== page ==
A central internal component of wireless data network 345 is a network router 315. Normally, network routers 315 are proprietary to the particular network, but they could alternatively be constructed from standard commercially available hardware. The purpose of network routers 315 is to centralize thousands of base stations 320 normally implemented in a relatively large network into a central location for a long-haul connection back to network entry point 305. In some networks there may be multiple tiers of network routers 315 and cases where there are master and slave network routers 315, but in all such cases the functions are similar. Often network router 315 will access a name server 307, in this case shown as a dynamic name server (DNS) 307 as used in the Internet, to look up destinations for routing data messages. Base stations 320, as described above, provide wireless links to mobile stations such as mobile station 202.

Wireless network tunnels such as a wireless tunnel 325 are opened across wireless network 345 in order to allocate necessary memory, routing, and address resources to deliver IP packets. In GPRS, such tunnels 325 are established as part of what are referred to as “PDP contexts” (i.e. data sessions). To open wireless tunnel 325, mobile station 202 must use a specific technique associated with wireless network 345. The step of opening such a wireless tunnel 325 may require mobile station 202 to indicate the domain, or network entry point 305 with which it wishes to open wireless tunnel 325. In this example, the tunnel first reaches network router 315 which uses name server 307 to determine which network entry point 305 matches the domain provided. Multiple wireless tunnels can be opened from one mobile station 202 for redundancy, or to access different gateways and services on the network. Once the domain name is found, the tunnel is then extended to network entry point 305 and necessary resources are allocated at each of the nodes along the way. Network entry point 305 then uses the address resolution (or DHCP 335) component to allocate an IP address for mobile station 202. When an IP address has been allocated to mobile station 202 and communicated to gateway 340, information can then be forwarded from gateway 340 to mobile station 202.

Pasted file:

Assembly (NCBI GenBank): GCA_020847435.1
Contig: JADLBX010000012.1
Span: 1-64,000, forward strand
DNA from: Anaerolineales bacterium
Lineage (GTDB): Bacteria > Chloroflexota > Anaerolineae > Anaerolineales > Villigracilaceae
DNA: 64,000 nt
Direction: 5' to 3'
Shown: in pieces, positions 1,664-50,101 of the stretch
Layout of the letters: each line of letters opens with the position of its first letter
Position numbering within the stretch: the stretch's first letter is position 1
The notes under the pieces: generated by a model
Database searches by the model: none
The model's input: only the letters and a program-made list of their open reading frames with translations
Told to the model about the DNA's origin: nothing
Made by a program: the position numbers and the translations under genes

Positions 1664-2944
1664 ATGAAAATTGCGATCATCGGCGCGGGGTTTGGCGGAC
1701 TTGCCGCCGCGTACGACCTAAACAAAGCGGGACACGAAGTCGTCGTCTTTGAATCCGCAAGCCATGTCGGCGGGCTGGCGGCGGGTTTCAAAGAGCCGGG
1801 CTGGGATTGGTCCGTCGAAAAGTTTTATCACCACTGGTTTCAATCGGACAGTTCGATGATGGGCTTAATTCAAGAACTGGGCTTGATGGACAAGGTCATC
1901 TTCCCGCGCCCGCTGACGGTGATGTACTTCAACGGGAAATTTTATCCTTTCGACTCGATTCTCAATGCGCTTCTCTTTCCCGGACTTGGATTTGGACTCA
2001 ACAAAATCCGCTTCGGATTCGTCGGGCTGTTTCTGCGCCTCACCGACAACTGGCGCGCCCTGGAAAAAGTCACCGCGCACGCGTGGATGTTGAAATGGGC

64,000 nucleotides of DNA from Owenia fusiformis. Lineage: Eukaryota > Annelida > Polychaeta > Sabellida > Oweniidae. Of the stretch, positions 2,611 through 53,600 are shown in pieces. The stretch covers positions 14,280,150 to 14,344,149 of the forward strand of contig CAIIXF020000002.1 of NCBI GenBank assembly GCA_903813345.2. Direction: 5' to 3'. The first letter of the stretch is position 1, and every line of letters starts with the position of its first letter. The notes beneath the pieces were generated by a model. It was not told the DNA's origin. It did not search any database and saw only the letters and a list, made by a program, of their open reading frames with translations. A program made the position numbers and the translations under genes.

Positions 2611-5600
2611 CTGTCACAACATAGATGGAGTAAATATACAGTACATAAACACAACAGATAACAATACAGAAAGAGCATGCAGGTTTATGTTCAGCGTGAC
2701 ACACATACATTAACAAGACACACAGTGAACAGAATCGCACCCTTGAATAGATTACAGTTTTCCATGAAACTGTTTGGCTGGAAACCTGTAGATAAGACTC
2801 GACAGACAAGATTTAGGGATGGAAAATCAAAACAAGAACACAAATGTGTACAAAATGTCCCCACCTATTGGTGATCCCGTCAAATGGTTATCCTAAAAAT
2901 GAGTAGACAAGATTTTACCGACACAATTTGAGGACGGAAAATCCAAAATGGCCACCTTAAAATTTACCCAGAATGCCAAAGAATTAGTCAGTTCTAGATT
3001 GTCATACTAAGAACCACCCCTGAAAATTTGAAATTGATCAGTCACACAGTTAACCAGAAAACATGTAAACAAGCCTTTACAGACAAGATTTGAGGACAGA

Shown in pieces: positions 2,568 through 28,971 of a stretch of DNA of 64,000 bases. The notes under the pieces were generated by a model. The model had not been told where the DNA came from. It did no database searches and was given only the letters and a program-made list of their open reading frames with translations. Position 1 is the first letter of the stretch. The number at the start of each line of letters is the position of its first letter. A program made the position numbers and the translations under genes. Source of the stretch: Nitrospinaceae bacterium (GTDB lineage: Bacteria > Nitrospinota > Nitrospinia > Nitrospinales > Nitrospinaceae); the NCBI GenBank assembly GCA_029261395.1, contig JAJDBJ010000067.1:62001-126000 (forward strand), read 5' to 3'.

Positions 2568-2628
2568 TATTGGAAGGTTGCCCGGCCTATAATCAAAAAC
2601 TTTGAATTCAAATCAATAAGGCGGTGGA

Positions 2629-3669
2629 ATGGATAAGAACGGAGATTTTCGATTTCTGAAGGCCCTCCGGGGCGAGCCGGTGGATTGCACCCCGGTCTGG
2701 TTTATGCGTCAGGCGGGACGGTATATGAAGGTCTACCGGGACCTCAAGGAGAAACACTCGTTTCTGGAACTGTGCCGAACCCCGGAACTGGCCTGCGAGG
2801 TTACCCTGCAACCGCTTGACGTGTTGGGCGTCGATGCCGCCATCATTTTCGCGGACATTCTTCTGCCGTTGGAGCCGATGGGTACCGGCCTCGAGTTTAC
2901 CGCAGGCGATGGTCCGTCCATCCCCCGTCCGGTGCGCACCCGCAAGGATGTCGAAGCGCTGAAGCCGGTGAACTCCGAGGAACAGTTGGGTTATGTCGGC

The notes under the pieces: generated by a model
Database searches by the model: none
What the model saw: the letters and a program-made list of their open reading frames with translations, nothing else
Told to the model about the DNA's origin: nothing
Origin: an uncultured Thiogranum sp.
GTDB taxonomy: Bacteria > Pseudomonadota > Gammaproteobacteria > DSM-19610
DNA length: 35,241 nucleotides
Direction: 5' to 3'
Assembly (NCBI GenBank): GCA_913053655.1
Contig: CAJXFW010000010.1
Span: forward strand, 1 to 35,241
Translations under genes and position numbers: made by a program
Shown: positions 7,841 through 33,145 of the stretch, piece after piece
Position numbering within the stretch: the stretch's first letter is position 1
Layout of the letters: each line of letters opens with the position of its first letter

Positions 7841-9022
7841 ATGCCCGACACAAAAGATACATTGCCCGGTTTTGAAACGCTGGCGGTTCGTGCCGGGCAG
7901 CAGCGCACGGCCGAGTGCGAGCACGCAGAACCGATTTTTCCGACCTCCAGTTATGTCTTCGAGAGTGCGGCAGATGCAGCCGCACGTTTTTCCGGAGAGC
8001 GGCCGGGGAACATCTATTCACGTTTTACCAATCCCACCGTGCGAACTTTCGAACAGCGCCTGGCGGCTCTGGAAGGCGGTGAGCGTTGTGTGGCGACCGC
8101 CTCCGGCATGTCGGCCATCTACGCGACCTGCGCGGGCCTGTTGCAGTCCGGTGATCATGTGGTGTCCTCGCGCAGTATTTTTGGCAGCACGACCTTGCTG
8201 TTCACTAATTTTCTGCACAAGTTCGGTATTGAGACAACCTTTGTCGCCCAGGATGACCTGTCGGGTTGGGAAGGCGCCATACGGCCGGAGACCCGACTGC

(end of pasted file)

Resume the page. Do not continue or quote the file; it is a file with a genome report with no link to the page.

Wireless tunnel 325 typically has a limited life, depending on mobile station's 202 coverage profile and activity. Wireless network 145 will tear down wireless tunnel 325 after a certain period of inactivity or out-of-coverage period, in order to recapture resources held by this wireless tunnel 325 for other users. The main reason for this is to reclaim the IP address temporarily reserved for mobile station 202 when wireless tunnel 325 was first opened. Once the IP address is lost and wireless-tunnel 325 is torn down, gateway 340 loses all ability to initiate IP data packets to mobile station 202, whether over Transmission Control Protocol (TCP) or over User Datagram Protocol (UDP).

In this application, a wireless packet data network (one specific type of wireless communication network) may include but is not limited to: (1) a Code Division Multiple Access (CDMA) network that has been developed and operated by Qualcomm; (2) a General Packet Radio Service (GPRS) network for use in conjunction with Global System for Mobile Communications (GSM) network both developed by standards committee of European Conference of Postal and Telecommunications Administrations (CEPT); and (3) future third-generation (3G) networks like Enhanced Data rates for GSM Evolution (EDGE) and Universal Mobile Telecommunications System (UMTS). The infrastructure shown and described in relation to FIG. 3 may be representative of each one of a number of different networks which are provided and available in the same geographic region. Preferably, the wireless network and data communication service operates in accordance a 2.5 Generation (2.5G) compatible standard, a 3rd Generation (3G) compatible standard, or better (later version) standard.